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My thoughts on Digital Ocean’s Acquisition of Cloudways

Below is my “Gut feeling” take on the acquisition, read it as such.

Digital Ocean’s acquisition of Cloudways appears to be a defensive move to fend off hostile takeover or investor appeasement, that is, it is a finance driven investment rather than a strategic one.


In the last week, the following news story hit many tech blogs and financial news sites.

Headline: Digitalocean-to-acquire-cloudways-for-350-million

Digital Ocean (DO)is one of the services supported by Cloudways (CW), which provides a user friendly “front end” for server management.My hypothesis was, and is, that this is a defensive mechanism by Digital Ocean to prevent a hostile takeover. And an opportunity for Executive staff to earn a big fat bonus. Not to mention trim the fat (unfortunately lower level non tech roles) and improve operating margins.

The 350 Mn dollar 💵 IOU by Digital Ocean, makes them a more expensive company to purchase. This is a finance driven acquisition, not a strategic one.

Important questions that remain unanswered:

a. Will Cloudways drop support for Linode, Vultr, etc. since they are competitors to the new owners?

b. Will DO increase prices since they will pay the cost of acquisition out of operations and not debt or equity or reserves and surplus?

c. CW hired a few top level executives from AWS, Azure, etc. post acquisition, will Last In/ First out apply? i.e will they be let go?

Or did CW hire them to make themselves an attractive acquisition candidate?

Likely reasons for my hypothesis

a. Industry consolidation (Akamai’s purchase of Linode, similar but smaller company as DO.. possibly more to follow),

Now how many companies are sitting on atleast 10 Billoin dollars’  pile of cash? Some of it could be used to buy DO out. DO is an attractive candidate at current market cap and stock price (down nearly 70 percent over the peak). AS a defensive move, DO need to make Price tag expensive to make yourself less attractive (or more attractive to more suitable player, as the case may be).

350 Mn dollars may be a small outpost to hold off the marching horde of marauders, but it is still keeping the adversary engaged for some time.

Edit: I Came across this post after I posted the above:

b.Private Equity player / Investor taking company private

How many PE firms would want to buy DO, take it private, soup up the balance sheet and exit at a 3 x multiple 3 or 4 years later? If 2.5 years of that 3 or 4 year period is needed to digest CW, the DO is less attractive. CW’s topline is expected to be about 52 Mn US dollars in 2022. So DO is buying them at 7X current revenues. Cheap maybe for tech companies, but expensive for many PE firms IMO.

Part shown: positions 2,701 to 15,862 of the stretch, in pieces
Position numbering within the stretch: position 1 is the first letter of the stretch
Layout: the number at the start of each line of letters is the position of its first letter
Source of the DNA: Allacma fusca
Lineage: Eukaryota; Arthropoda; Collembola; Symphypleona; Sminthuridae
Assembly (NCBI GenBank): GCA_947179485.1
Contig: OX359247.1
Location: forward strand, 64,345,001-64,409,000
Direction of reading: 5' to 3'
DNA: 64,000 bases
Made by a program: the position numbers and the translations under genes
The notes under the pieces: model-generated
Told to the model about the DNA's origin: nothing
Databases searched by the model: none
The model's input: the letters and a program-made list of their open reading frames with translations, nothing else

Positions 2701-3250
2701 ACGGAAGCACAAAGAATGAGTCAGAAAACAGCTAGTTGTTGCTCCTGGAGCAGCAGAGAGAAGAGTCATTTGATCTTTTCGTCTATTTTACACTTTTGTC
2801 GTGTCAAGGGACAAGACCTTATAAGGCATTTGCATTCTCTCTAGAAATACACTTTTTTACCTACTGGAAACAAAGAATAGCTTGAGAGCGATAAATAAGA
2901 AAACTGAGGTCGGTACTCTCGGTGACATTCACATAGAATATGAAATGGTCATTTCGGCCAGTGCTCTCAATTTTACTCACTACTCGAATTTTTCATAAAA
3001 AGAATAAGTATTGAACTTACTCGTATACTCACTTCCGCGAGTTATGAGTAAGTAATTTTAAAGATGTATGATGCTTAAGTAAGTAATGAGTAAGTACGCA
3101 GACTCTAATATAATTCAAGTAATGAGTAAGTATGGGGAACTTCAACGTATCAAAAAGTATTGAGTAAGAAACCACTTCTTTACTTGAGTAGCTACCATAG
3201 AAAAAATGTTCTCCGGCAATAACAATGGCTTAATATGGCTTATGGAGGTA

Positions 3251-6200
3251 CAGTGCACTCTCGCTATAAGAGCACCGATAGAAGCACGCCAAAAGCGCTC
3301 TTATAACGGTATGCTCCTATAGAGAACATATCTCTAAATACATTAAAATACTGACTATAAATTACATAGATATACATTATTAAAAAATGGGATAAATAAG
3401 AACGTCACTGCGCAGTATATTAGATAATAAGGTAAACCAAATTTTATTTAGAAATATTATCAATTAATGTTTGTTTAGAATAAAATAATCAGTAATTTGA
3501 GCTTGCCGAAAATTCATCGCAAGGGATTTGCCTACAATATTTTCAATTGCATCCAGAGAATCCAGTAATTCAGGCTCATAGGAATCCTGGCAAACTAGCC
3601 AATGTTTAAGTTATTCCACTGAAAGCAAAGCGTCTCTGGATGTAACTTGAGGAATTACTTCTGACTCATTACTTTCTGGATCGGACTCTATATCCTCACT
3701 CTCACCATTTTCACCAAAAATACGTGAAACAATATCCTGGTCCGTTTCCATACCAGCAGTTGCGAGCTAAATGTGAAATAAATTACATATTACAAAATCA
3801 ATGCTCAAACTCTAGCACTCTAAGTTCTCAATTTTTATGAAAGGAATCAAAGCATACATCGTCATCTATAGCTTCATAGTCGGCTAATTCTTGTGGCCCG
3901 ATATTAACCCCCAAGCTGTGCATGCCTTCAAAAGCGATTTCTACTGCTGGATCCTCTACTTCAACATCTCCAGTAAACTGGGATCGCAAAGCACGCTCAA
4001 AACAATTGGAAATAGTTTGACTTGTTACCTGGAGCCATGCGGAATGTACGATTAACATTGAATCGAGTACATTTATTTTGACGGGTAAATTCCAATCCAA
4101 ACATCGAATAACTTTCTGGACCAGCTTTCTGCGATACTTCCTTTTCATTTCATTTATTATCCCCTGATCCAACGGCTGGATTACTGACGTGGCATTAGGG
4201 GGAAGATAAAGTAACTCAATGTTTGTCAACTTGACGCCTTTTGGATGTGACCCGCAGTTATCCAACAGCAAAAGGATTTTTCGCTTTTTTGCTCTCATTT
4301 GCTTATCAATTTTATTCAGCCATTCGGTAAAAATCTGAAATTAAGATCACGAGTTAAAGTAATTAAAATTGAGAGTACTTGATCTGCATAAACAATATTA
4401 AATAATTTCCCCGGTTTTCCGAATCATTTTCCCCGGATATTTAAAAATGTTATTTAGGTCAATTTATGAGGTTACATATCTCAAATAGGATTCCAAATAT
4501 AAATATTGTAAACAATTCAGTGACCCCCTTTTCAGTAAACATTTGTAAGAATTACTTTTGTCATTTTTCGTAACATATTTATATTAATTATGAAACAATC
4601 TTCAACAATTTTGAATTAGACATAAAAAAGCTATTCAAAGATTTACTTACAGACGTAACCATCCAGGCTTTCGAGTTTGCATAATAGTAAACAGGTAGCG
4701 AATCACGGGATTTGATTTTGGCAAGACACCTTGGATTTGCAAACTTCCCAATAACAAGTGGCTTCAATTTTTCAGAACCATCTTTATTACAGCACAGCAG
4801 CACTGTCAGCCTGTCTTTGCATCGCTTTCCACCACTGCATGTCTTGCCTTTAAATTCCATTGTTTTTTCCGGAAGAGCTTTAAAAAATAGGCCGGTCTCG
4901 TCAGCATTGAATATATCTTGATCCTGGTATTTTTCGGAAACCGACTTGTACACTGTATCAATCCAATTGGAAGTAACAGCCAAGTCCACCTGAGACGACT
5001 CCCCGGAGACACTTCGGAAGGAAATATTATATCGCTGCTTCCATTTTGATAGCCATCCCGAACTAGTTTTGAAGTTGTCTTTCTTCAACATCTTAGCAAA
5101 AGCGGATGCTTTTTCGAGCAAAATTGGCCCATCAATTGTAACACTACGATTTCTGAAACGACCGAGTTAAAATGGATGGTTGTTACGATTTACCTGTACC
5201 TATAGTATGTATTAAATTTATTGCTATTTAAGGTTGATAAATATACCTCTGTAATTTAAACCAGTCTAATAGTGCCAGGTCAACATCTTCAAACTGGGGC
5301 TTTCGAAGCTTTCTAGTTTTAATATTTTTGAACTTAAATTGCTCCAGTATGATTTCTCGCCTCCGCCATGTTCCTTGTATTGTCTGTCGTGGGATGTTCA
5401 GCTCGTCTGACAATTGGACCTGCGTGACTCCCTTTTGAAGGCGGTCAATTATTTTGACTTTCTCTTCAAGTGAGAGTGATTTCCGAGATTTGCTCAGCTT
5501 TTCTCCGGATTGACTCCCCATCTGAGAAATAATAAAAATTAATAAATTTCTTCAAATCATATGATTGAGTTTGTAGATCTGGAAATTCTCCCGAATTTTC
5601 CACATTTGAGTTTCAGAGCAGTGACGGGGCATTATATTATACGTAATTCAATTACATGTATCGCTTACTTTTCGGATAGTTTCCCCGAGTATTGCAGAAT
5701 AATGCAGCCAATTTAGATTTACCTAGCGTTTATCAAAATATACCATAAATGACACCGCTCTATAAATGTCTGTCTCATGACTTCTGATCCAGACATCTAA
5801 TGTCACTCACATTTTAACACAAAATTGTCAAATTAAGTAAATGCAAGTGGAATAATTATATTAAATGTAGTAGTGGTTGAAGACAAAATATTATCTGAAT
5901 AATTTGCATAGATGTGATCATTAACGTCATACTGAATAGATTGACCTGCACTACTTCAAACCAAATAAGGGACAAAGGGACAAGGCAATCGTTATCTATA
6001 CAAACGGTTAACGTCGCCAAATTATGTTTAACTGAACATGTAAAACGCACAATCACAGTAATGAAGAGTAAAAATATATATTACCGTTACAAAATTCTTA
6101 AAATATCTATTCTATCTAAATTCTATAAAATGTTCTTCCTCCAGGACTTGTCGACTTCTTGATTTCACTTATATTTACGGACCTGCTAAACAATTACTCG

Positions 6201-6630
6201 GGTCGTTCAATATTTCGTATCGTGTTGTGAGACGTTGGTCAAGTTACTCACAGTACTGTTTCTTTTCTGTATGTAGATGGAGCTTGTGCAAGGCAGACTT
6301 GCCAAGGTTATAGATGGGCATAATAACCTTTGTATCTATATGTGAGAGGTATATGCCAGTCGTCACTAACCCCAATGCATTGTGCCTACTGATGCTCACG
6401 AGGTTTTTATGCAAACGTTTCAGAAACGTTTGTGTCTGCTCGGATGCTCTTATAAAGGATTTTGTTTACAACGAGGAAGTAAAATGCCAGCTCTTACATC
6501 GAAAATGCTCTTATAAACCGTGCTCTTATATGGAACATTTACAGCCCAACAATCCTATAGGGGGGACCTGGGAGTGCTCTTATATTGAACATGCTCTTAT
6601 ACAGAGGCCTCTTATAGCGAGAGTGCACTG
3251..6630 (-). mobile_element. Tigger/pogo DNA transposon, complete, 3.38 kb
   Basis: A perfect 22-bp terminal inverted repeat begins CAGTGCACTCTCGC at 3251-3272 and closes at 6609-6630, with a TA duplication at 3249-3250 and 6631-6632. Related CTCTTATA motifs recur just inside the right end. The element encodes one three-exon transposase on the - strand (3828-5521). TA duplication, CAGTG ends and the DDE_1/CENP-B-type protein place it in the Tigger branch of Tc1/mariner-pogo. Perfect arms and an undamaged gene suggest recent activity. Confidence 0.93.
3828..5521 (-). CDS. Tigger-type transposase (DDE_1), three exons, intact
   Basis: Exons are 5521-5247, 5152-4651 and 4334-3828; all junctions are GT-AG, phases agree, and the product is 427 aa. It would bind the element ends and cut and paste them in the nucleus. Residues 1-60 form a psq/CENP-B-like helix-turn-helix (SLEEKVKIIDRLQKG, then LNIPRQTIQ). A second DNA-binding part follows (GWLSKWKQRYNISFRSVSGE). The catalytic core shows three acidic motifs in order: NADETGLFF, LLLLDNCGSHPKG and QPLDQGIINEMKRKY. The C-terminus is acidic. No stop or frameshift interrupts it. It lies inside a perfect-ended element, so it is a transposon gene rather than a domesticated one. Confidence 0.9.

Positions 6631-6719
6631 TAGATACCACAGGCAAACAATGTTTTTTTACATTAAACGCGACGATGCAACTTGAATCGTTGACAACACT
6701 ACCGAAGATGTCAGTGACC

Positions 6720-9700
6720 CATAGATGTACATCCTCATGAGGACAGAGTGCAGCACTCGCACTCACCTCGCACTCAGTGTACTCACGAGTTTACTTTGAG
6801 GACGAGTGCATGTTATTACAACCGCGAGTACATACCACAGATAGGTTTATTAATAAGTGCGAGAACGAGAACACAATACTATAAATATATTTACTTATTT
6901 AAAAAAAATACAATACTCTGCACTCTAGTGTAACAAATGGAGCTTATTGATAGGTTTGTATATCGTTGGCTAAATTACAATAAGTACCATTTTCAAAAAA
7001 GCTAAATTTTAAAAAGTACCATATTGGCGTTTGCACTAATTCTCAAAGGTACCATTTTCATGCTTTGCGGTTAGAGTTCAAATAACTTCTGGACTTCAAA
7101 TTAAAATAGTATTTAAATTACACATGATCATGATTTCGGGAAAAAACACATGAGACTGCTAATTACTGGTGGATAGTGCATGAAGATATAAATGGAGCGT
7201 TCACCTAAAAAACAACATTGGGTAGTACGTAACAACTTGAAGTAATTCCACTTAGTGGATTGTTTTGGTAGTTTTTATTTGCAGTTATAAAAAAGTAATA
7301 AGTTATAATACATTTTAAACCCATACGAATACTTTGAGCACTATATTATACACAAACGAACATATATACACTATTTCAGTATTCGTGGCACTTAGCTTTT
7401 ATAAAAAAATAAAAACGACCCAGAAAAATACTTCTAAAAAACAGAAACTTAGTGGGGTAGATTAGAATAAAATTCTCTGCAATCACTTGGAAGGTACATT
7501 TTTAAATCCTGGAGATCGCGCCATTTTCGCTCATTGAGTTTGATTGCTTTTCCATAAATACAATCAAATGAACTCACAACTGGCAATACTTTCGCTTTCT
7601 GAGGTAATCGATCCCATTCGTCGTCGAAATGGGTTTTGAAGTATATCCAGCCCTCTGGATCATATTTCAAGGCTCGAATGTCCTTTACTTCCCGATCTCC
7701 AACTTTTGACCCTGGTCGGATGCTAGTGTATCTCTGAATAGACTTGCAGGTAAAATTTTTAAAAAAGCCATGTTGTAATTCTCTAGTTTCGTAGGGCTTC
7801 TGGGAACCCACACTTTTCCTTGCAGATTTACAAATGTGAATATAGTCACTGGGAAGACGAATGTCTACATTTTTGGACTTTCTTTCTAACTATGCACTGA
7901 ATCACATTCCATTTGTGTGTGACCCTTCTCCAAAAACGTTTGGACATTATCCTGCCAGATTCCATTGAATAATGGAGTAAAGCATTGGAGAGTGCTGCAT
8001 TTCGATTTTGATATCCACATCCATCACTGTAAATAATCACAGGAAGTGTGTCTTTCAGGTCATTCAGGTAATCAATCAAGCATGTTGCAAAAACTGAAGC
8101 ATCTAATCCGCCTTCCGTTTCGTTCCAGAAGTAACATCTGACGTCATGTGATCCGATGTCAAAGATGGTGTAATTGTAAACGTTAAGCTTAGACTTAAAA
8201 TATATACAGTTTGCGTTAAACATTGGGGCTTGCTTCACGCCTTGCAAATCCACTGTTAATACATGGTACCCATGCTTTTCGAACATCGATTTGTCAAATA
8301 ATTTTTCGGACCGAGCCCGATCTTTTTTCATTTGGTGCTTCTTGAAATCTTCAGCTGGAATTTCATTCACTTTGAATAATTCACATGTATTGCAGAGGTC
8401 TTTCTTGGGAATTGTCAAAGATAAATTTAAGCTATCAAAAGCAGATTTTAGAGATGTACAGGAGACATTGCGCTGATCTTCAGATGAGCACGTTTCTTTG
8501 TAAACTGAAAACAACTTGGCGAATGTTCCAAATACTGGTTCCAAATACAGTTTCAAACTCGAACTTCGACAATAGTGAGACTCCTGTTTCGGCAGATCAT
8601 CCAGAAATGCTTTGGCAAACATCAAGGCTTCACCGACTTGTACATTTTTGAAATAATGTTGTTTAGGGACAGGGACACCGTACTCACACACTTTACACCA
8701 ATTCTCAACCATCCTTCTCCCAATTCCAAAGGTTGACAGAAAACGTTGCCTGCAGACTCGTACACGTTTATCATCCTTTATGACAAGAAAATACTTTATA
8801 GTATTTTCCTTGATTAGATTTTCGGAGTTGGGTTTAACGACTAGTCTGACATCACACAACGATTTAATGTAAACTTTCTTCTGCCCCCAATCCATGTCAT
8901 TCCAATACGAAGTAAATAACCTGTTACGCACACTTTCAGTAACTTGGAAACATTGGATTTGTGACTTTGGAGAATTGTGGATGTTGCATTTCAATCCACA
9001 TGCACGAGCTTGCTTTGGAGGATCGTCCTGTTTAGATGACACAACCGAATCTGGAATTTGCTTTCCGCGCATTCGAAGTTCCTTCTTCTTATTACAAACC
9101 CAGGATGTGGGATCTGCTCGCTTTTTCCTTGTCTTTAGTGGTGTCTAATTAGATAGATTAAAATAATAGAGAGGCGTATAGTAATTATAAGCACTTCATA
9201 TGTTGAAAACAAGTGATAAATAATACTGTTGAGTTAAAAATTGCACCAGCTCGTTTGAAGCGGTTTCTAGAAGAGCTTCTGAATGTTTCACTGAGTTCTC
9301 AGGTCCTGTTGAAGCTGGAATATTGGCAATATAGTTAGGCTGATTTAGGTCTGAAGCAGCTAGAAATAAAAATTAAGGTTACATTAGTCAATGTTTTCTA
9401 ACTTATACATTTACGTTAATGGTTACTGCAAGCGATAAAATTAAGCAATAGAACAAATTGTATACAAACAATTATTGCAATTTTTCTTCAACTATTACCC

c. Operational efficiencies

Borderline strategic, but if I were to go with a finance driven acquisition theory, then think about replacing higher salaried DO tech support + non technical staff with lower salaried CW staff.

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Together, DigitalOcean and Cloudways will serve over 124,000 customers paying over $50 per month, representing approximately 84% of the pro forma company’s total revenue.

Let us look at the US $350 Mn Price tag. Say 300 Mn of it is paid in 30 equal installments. Or 10 MN US dollar per month. DO will have to generate an additional 15-16 Mn US dollars per month to retain current margins, out of which they can expense off the 10.

Cloudways is expected to generate more than $52 million in revenue in fiscal 2022, representing a three-year compound annual growth rate in excess of 50%.” (Source and this source)

Assuming same set of growth, albeit Year On Year (YOY) Instead of Compounded Annual Growth Rate (CAGR),

CW generates say 4 MN MRR currently. Assuming 50 % YOY growth, CW may reach 10 MN MRR by Mid 2025. Margins are not known at the time of publishing this post.

If DO is to finance the acquisition from operations, they will have to generate additional (bottomline) of atleast 7 to 8 Mn US Dollars per month. Some of which could come via operational efficiencies??

d. I also mentioned executive compensation and year end bonuses

When stock price is low, investors (possibly unhappy with stock price) may demand action, and topline growth may struggle with impending downturn.

Acquisition and mergers to improve topline growth are the oldest and tried and tested methods for CXOs to show growth and justify Christmas bonuses.

Works both ways, btw- another tech company (or even a non tech company) could buy DO out for the same reason(s).Disasters like HP-Compaq, AOL Time Warner notwithstanding

_All of the above are hypothesis_. Without being a fly on the wall in the meeting room, one can only speculate.


One more possible reason – and I do not have US specific data to support this- this could also be an investor driven (again, finance driven) acquisition. I see that a lot with Startups/ Unicorns now in India. Same set of investors across related or more probably unrelated businesses, making backroom deals to offload a weaker/ smaller company to a larger one, possibly one that is publicly listed.

e.g Naayka purchase of Little Black Book, Zomato’s purchase of grocery delivery service Blinkist.

This post was updated on 12 Feb ’23